Copyright 2005 Toronto Star Newspapers, Ltd.
The Toronto Star
January 14, 2005 Friday
From Lexis Nexis
Nortel Networks Corp. chief executive Bill Owens criticized U.S. policy in deploying broadband yesterday, saying the U.S. risks being eclipsed by competitors, especially in Asia.
“I don’t know if we’re up to this as a nation,” Owens said at a broadband forum on Capitol Hill, adding that the resources are there, “but for some reason we don’t do it.”
According to the International Telecommunications Union, the U.S. was 11th in 2002 among major economies in broadband use, trailing Hong Kong, Canada, Belgium and others.
“We don’t have our minds in the highest levels of government” focused on broadband, said Owens. In places like China, “they know that they’re going to win and they have a plan.”
Nortel is sensitive to investment in areas like broadband and fiber optics, and Owens stressed, “Nortel will grow. We are through our restatement, I assure you.”
Tuesday, Nortel filed financial restatements for 2003 to resolve accounting errors. It also said that 12 executives volunteered to pay back bonuses amounting to about $8.6 million (U.S.) and announced the creation of a new position of chief ethics and compliance officer.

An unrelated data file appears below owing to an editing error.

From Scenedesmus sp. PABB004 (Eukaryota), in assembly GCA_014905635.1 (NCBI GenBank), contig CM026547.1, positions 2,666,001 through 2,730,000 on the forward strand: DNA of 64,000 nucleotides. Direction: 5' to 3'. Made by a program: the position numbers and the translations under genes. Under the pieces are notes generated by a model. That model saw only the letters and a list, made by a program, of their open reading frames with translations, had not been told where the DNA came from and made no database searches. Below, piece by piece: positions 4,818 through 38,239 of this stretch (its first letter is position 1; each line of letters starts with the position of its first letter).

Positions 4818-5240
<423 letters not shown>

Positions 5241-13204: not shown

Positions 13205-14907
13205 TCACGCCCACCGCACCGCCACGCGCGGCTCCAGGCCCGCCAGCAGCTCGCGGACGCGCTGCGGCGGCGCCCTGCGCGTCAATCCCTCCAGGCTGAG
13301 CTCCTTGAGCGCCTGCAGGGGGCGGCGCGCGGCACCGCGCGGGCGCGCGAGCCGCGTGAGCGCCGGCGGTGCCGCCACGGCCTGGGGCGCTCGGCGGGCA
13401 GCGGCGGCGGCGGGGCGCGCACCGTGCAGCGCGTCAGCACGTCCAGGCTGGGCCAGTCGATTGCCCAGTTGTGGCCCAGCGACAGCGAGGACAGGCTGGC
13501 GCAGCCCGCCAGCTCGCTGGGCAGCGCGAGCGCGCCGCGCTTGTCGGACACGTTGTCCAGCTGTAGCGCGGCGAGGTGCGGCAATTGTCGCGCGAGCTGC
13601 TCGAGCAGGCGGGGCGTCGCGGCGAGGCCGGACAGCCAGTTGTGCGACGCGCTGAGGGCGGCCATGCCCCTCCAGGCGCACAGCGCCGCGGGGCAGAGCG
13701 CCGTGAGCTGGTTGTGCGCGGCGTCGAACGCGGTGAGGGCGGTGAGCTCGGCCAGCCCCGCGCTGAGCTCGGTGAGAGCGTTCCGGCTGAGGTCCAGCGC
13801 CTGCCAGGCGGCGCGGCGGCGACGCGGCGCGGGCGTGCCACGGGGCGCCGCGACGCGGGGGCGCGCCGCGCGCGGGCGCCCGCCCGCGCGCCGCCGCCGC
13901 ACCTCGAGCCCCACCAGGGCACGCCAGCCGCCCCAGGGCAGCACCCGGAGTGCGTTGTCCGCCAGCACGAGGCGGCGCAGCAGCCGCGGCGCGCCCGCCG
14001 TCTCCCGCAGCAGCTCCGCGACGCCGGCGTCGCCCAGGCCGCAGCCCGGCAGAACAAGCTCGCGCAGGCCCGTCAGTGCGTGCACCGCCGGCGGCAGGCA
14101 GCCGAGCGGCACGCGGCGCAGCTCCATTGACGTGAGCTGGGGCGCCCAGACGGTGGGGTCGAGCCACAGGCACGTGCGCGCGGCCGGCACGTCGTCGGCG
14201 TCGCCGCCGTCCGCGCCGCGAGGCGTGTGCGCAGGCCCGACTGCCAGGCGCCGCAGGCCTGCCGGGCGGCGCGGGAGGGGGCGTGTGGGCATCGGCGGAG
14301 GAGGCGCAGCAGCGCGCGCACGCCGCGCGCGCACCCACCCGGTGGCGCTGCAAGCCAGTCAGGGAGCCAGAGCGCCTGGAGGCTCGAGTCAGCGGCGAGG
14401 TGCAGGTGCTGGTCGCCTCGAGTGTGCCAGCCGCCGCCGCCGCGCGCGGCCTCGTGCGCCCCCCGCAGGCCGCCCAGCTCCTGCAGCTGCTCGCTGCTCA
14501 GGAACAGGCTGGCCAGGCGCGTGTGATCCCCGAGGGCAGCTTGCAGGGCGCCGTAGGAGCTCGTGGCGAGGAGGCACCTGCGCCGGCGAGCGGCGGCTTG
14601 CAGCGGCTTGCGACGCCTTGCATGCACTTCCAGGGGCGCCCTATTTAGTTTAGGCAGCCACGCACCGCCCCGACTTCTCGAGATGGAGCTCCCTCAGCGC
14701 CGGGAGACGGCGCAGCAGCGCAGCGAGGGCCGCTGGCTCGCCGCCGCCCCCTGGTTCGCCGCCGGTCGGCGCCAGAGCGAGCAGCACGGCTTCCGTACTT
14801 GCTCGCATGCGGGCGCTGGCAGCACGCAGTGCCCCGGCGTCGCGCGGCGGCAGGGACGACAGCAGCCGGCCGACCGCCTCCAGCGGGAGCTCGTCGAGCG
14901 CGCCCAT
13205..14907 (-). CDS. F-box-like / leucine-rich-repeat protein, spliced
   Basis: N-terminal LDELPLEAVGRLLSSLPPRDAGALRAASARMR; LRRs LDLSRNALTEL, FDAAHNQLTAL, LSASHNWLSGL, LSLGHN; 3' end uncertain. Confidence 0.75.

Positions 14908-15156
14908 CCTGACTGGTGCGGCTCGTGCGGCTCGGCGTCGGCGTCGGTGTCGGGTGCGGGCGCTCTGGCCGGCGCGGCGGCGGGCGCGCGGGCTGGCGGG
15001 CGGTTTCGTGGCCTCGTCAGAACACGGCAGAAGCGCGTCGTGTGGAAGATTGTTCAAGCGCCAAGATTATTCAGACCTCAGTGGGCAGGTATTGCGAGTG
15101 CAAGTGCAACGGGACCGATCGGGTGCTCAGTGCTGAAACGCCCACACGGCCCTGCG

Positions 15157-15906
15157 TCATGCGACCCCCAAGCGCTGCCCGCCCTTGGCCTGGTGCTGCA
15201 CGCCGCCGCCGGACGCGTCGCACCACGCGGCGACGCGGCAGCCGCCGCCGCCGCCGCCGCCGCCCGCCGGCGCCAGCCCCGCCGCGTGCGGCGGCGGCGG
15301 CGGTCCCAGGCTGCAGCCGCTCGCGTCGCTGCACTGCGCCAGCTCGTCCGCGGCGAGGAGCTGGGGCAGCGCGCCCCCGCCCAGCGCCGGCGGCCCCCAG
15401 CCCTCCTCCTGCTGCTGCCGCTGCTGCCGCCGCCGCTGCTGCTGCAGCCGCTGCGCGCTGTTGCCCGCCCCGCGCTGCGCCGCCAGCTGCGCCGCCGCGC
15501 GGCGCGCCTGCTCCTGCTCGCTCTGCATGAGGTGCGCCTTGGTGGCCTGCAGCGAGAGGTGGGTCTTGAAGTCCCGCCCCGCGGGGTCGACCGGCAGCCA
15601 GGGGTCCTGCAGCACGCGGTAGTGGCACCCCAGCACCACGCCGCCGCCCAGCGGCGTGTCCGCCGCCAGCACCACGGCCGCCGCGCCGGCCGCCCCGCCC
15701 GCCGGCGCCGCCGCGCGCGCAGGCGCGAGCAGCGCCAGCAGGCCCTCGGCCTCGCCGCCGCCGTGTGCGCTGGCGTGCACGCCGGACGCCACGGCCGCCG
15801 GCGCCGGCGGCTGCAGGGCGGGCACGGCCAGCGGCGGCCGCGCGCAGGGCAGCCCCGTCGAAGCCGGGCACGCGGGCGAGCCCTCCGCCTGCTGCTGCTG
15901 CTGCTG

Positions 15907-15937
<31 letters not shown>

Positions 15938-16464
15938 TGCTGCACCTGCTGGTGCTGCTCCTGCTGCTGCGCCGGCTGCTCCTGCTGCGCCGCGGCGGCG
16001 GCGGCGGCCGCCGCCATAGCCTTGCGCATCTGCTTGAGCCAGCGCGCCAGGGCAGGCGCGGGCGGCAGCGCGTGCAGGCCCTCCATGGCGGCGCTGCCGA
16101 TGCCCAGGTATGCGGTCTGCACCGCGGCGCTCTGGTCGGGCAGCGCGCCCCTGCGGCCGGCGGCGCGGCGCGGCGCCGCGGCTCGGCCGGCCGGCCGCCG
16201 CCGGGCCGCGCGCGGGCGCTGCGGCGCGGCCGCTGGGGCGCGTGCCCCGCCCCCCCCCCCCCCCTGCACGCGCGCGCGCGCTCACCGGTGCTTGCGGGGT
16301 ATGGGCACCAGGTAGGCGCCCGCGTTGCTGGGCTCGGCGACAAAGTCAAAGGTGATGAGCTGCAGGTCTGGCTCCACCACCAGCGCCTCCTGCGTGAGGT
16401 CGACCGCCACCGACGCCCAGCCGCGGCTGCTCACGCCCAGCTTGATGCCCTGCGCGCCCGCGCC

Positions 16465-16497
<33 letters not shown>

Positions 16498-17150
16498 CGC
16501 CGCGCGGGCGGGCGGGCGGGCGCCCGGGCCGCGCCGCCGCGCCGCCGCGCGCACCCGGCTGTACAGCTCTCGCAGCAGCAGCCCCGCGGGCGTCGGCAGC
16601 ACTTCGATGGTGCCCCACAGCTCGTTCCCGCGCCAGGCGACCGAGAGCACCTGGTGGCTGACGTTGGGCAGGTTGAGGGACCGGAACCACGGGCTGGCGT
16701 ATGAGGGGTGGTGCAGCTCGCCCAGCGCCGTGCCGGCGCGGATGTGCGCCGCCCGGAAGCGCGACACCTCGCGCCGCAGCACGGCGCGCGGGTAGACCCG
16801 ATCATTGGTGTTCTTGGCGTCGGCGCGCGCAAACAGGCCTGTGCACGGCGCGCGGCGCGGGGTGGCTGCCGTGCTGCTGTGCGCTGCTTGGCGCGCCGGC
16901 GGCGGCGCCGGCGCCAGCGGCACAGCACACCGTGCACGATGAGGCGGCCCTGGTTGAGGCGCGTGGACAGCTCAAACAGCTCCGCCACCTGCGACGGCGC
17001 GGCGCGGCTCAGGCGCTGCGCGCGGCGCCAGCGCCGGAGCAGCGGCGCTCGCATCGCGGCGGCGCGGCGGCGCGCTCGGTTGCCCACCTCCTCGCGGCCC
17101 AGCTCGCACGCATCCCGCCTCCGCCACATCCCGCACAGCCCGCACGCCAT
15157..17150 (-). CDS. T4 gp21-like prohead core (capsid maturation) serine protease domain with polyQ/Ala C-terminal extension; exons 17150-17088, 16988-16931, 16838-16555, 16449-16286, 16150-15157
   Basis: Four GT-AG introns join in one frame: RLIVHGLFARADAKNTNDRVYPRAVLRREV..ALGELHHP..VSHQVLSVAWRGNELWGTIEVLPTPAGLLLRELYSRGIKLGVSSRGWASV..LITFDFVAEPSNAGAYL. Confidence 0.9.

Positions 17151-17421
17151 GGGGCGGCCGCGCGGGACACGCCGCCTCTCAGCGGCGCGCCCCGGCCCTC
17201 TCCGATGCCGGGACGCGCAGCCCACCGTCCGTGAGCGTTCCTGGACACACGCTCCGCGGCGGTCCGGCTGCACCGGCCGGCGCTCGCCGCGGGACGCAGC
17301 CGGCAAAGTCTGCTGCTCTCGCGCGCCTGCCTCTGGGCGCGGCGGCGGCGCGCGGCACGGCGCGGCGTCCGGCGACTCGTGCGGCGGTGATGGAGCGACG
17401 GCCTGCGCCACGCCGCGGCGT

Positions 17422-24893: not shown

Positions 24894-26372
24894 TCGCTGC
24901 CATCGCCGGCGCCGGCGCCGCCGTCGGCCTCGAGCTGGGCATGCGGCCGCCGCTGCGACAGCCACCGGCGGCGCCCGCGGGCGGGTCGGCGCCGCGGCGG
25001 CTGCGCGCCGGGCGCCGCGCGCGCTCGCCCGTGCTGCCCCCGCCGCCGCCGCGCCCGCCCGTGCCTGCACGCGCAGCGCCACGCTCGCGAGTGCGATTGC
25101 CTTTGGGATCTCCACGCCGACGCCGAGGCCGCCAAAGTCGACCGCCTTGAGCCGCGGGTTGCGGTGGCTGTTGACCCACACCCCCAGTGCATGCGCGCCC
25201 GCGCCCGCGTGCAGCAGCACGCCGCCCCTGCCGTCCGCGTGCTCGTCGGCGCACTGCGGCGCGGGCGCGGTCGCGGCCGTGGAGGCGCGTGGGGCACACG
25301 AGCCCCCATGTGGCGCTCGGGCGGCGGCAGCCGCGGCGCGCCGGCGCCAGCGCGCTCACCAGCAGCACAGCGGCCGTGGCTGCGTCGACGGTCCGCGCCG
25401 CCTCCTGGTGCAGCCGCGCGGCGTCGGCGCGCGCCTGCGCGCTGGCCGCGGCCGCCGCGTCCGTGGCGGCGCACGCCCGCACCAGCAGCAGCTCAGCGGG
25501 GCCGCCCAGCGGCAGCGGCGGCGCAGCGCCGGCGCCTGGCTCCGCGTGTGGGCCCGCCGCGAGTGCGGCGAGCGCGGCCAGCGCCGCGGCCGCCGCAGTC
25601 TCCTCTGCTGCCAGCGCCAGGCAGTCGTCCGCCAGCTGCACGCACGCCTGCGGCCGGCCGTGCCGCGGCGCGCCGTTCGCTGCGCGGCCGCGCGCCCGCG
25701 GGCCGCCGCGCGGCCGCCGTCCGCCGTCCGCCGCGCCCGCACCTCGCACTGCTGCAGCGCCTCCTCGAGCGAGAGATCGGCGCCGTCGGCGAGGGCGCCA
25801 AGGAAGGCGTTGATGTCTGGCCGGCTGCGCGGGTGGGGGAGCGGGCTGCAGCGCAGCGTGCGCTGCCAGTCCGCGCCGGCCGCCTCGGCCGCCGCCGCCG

According to Federal Communications Commission data, high-speed broadband use in the U.S. increased 15 percent during the first half of 2004 to a total of 32.5 million lines.
And FCC Commissioner Kathleen Abernathy, speaking at the same event, said “there absolutely is (a broadband policy) at the FCC.” She cited several recent FCC decisions to promote broadband such as facilitating broadband via power lines and policies to make it easier for phone firms to invest in fiber to homes and neighborhoods.
Separately, Nortel said in a filing that chief ethics officer Susan Shepard will receive a $375,000 salary and be eligible for an annual bonus of 60 percent of her base salary.